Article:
BRYAN KUPIAK: It was after my mom's funeral. When I did the paperwork for my mom at the funeral home they made a mistake. They put my social insurance number down with all of her information. So my mom wanted to be buried in Winnipeg, so I took her from Kamloops to Winnipeg. And I come home, it was right after Thanksgiving and it was Tuesday. Tuesday I was over in the Service Canada making sure all of my paperwork was done, because I was away and all that kind of stuff right. And I get home and I get the mail and I get a letter from the government and I open that thing up and it was from the Tax Office and here it says “Brian Kupiak, the state of Kupiak, Brian.”
CO: Which means that this is what you get when you are deceased?
BK: Well that's pretty much it. So I called a government number and I talked to this gentleman his name was Mohamed, and “I said Mohamed I got one of these papers.” I explained it to him. And I said, “Can you tell me what's going on?” So he said “give me a couple of minutes” and I gave him a couple of minutes. He comes I said, “Mohamed tell me am I deceased? And he said, “Yeah, you are”
CO: He told you that you were dead?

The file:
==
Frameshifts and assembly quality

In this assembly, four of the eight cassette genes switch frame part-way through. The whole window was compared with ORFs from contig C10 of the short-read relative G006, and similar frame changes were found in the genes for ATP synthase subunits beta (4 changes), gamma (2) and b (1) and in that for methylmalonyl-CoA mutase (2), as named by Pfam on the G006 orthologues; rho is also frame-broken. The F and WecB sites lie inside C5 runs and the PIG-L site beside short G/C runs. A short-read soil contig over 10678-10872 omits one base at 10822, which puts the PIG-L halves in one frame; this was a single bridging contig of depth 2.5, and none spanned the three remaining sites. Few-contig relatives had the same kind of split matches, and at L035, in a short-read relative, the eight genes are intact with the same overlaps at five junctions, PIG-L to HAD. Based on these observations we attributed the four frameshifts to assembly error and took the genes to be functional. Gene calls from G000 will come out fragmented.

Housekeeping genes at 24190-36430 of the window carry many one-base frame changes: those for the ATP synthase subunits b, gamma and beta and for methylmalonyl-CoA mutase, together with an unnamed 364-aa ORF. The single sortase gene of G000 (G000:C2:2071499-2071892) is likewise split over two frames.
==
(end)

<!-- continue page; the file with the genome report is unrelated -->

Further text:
CO: And how did you react to learn that, that you were dead?
BK: Well, this has got to be some kind of dumb joke or something like this, right. But it wasn't, and it's been frustrating because they're just starting to change me back now. I should be all OK by November, but nobody can promise anything. So they canceled my pensions and I didn't know what else I had to start checking into driver's license, banking all that kind of stuff, if I had any bad things going on there.
CO: So how does a guy go about becoming un-dead once Ottawa has decided that you are dead?
BK: Well you know, I'm kind of a funny character. I take things to the top. I’ve put calls in to my mayor's office here, I've called Cathy McLeod, I have called John Horgan, the premier. I've called even Justin Trudeau. There's numbers you can call, so I've called and left messages all over the place.
CO: And you're calling them and telling them that you're not dead.
BK: Yeah, yeah.
CO: And has anyone called you back to talk to you about this?
BK: Cathy McLeod, I got some of these government folks.